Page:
Without prior rehearsal Chuck Berry would turn up for a show to perform with a backing band hired by the promoter as required in his contract. Long before he was born to run Bruce Springsteen found himself in one of them and had the temerity to ask Mr Berry what music they were going to play. “Chuck Berry music,” he replied scornfully. If you didn’t know how to play Chuck Berry music you had no business hanging an electric guitar around your neck.
You only need three strings: bottom 6th open, first finger on the second fret of the 5th moving up to the fourth fret every other beat, strum ‘lively’ for two bars as music books say, then shift the whole process up a string for a bar, then back down again, fake it at the seventh fret, same on the fifth, then back to the first position for the final bar. That’s Chuck in E, the easiest key, but I think he preferred G or sometimes even further up the fretboard, and he barred across all six strings with the first finger of his left hand, never using a capo. Like Hendrix, he had really long fingers.
Thanks to his duck walk, the way he swung the neck around and those nifty little intro licks, Chuck was the first rock’n’roll guitar hero but you didn’t have to be a virtuoso guitarist to play like him. You could make a half-way decent fist of playing Chuck Berry music without much practice at all. That’s the beauty of it. It’s where they all started and where dreamers like me are happy to remain if they can’t get much further. The ones on stages in arenas invariably did go further but Chuck stayed true to first principles even if it did become a chore towards the end and, for his audiences, less and less engaging as the years rolled by.
Back in Skipton in 1963 when I toted a red Futurama in The Rockin' Pandas we played ‘Johnny B. Goode’, ‘Around And Around’ and ‘Roll Over Beethoven’. Before that I sat mesmerised in the town’s coffee bar listening to ‘Sweet Little Sixteen’ and ‘Reeling And Rocking’ on the juke box, wondering what ‘rocking on Bandstand’ was all about, and smiling at the thought of Chuck ‘dancing with a woman who was twice my size’. More than Elvis, Jerry Lee, Little Richard and even Buddy, he drew me to America: a land of cars and endless highways, of driving along with no particular place to go, of teenage girls in tight dresses and lipstick, and where they never stopped rocking till the moon went down. The combination of these wonderful lyrics and the incessant drive of the music was irresistible to me at 16 and remains so even now.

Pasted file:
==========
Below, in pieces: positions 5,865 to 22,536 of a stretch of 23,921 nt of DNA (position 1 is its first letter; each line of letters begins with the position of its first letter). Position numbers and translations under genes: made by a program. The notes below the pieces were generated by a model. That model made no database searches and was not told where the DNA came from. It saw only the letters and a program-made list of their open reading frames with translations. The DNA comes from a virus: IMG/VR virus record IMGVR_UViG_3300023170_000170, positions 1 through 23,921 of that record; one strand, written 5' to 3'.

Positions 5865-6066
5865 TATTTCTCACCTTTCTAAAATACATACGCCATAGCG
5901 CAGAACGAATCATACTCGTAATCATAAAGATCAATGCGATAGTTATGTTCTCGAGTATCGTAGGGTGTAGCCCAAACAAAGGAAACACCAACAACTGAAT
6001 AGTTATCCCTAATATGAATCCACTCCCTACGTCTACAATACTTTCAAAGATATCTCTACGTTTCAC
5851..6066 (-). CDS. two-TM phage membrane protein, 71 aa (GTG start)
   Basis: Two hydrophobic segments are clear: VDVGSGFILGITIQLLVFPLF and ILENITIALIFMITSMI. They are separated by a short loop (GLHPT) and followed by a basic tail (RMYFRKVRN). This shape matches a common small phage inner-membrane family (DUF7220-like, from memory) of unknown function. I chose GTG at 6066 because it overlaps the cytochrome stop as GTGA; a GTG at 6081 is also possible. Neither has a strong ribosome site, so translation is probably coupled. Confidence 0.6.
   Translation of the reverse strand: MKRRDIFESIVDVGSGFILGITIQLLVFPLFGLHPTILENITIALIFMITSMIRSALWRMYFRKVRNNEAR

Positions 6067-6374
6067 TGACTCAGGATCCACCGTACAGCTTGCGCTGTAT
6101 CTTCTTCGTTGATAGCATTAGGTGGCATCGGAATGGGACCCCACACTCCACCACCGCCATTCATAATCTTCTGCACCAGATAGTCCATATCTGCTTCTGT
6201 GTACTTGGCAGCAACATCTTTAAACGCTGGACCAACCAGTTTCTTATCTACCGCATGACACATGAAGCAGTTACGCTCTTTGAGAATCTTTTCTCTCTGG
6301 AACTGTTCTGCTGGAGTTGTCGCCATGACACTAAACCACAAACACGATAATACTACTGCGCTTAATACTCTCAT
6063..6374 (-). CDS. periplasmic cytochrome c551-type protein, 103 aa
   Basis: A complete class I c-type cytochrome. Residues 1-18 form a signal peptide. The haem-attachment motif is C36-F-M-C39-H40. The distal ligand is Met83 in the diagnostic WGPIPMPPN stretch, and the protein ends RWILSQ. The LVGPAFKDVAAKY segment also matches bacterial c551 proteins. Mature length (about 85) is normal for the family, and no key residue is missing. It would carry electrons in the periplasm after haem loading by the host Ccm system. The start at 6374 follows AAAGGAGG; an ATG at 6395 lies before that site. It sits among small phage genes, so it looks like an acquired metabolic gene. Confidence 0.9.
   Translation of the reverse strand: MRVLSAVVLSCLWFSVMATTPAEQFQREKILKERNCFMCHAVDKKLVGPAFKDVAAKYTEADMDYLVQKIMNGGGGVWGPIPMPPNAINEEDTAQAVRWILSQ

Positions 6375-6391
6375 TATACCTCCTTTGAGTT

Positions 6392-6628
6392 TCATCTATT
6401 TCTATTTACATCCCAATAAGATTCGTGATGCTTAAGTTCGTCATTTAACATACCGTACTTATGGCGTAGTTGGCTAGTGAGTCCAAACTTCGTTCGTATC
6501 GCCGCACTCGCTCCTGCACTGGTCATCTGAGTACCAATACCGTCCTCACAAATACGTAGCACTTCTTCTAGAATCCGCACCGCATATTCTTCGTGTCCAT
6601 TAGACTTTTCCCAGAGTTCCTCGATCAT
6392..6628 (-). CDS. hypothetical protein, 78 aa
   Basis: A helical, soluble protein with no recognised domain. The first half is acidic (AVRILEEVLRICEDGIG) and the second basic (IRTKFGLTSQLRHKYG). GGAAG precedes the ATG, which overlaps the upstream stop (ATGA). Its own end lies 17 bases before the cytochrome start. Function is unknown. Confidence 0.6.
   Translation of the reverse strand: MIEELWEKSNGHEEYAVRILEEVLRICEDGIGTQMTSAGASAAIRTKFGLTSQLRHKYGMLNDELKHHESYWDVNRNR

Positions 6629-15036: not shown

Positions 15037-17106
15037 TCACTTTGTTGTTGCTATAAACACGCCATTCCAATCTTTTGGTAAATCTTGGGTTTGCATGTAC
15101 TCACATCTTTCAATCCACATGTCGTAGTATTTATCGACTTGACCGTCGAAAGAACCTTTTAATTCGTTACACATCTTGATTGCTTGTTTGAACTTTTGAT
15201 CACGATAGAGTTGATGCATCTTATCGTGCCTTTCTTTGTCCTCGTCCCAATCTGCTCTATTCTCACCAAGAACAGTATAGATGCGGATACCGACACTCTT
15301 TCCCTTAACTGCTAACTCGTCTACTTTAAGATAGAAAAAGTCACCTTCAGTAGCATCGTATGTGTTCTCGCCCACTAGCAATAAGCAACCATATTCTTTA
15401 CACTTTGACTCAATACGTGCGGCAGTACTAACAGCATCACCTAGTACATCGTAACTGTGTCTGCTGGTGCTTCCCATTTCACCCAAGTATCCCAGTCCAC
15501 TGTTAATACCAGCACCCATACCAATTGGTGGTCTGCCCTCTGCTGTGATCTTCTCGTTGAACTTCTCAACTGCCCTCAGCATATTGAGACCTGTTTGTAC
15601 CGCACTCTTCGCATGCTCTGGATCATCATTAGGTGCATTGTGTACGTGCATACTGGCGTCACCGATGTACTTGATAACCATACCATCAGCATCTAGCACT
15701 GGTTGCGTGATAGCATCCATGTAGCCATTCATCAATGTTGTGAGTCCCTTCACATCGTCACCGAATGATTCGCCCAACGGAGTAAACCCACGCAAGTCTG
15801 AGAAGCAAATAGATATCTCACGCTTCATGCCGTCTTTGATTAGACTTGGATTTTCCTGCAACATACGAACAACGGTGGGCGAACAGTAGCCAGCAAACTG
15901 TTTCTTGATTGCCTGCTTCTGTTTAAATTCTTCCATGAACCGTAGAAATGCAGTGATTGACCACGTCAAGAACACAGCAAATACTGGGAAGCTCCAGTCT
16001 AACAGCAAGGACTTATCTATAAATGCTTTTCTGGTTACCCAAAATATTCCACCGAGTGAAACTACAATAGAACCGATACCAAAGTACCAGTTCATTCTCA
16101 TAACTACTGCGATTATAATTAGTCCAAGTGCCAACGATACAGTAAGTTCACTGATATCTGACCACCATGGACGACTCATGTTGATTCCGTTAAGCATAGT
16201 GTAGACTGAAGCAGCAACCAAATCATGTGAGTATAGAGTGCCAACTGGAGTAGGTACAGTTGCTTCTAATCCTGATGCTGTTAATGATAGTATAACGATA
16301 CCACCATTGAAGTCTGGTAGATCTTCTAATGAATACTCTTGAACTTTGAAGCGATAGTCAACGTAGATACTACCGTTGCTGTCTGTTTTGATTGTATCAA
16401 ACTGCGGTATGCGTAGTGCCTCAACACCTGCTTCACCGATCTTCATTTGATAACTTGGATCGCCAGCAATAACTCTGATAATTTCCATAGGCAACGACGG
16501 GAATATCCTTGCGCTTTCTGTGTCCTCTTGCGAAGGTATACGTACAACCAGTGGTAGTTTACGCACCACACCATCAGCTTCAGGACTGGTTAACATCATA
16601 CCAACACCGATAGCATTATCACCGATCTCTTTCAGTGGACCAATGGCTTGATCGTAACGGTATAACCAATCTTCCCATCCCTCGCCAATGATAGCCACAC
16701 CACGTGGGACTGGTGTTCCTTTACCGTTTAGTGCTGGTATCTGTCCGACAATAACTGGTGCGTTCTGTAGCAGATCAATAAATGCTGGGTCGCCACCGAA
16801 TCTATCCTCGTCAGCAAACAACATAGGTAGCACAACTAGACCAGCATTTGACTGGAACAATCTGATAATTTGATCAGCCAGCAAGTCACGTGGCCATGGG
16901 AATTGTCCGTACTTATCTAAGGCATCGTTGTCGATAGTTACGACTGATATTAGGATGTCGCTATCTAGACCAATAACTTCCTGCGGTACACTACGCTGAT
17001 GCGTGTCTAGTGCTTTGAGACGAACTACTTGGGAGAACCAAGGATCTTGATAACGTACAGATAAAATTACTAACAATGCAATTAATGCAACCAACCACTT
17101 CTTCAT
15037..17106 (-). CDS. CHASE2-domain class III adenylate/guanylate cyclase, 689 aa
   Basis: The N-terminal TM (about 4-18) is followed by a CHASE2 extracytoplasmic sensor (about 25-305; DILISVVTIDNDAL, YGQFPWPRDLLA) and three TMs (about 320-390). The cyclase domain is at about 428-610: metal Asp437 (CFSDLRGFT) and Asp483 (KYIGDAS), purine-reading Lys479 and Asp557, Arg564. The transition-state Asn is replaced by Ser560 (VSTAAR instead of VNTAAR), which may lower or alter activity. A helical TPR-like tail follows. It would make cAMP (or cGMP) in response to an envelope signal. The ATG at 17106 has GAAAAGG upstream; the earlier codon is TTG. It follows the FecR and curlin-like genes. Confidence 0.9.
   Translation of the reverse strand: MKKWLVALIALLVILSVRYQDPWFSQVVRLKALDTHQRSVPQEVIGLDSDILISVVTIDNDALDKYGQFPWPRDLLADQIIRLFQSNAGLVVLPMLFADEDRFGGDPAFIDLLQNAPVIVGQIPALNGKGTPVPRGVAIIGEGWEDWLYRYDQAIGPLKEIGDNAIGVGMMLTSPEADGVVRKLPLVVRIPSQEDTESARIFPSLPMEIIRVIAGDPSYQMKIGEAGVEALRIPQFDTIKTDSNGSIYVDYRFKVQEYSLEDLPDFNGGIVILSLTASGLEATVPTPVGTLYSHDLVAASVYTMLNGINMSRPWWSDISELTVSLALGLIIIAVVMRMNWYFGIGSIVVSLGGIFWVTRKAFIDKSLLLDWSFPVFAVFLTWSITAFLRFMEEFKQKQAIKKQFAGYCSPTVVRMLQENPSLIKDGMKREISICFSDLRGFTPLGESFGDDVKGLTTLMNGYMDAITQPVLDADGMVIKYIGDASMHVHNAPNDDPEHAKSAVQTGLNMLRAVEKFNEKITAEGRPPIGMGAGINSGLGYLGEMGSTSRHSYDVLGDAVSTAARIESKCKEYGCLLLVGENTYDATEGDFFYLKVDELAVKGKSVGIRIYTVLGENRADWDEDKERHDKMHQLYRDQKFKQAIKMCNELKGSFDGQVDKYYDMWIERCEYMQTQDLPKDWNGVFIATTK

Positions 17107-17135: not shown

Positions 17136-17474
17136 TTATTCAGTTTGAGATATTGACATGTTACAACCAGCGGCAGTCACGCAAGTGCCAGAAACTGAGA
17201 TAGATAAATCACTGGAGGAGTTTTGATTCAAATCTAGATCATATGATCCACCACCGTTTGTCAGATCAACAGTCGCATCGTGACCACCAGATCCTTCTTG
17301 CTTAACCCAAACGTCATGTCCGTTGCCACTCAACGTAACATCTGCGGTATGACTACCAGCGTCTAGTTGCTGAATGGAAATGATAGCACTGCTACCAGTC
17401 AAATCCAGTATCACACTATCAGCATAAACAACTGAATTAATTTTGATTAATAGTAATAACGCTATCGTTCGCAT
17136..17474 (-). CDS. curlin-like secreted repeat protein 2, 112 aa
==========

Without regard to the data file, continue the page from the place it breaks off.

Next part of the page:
When I heard the news of his death aged 90 on TV last night they played ‘My Ding A Ling’. Please no, I cringed. His biggest hit and his worst record. There’s a paradox for you, along with the other dislikeable traits forged as a victim of racism that sent him to jail on four occasions, once for asking a white woman for a date. No wonder he trusted no one. Like the inexcusable mischief with video cameras in the ladies loo at his club, it conferred upon Chuck a reputation as a ‘difficult’ man. My old boss at Music Sales tells a wonderful story about how when he wanted to publish a book of Chuck Berry sheet music – who needs sheet music for Chuck Berry songs? – he was required to deliver a hefty advance in $100 bills to his home in Missouri. Charles, as he preferred to be called, always dealt in cash.
Chuck certainly had much to answer for and Keith Richards, for one, had good reason to both loathe him and love him. Chuck drove Keith to distraction by switching keys without warning during the filming of that Hail! Hail! Rock’n’Roll documentary in 1987, but, since the Stones recorded six of his songs and modelled plenty more on his style, maybe Chuck felt he owed him one. The Beatles, however, recorded eight if you include those on the BBC sessions records, and unlike the Stones managed to trash Chuck’s original with their version of ‘Rock And Roll Music’ on Beatles For Sale. “If you tried to give rock’n’roll another name you might call it Chuck Berry,” said John who sings that particular track, brilliantly too.
But covers by The Beatles and Stones are the tip of the iceberg of course. Put simply, everybody covered him. Right now somewhere in the world some band is plugging in and opening up a set with Chuck Berry music: ‘I’m gonna write a little letter…’, ‘Deep down Louisiana…’, ‘Long distance information…’, ‘Riding along in my automobile’ or any of a dozen more. Me? I’m listening to ‘Sweet Little Sixteen’ as I type this, rocking yet again in Boston, Pittsburgh PA, Texas, Frisco Bay, St Louis and New Orleans, names on a map until Chuck Berry music turned them into a kind of mythical paradise for me all those years ago. RIP you old genius.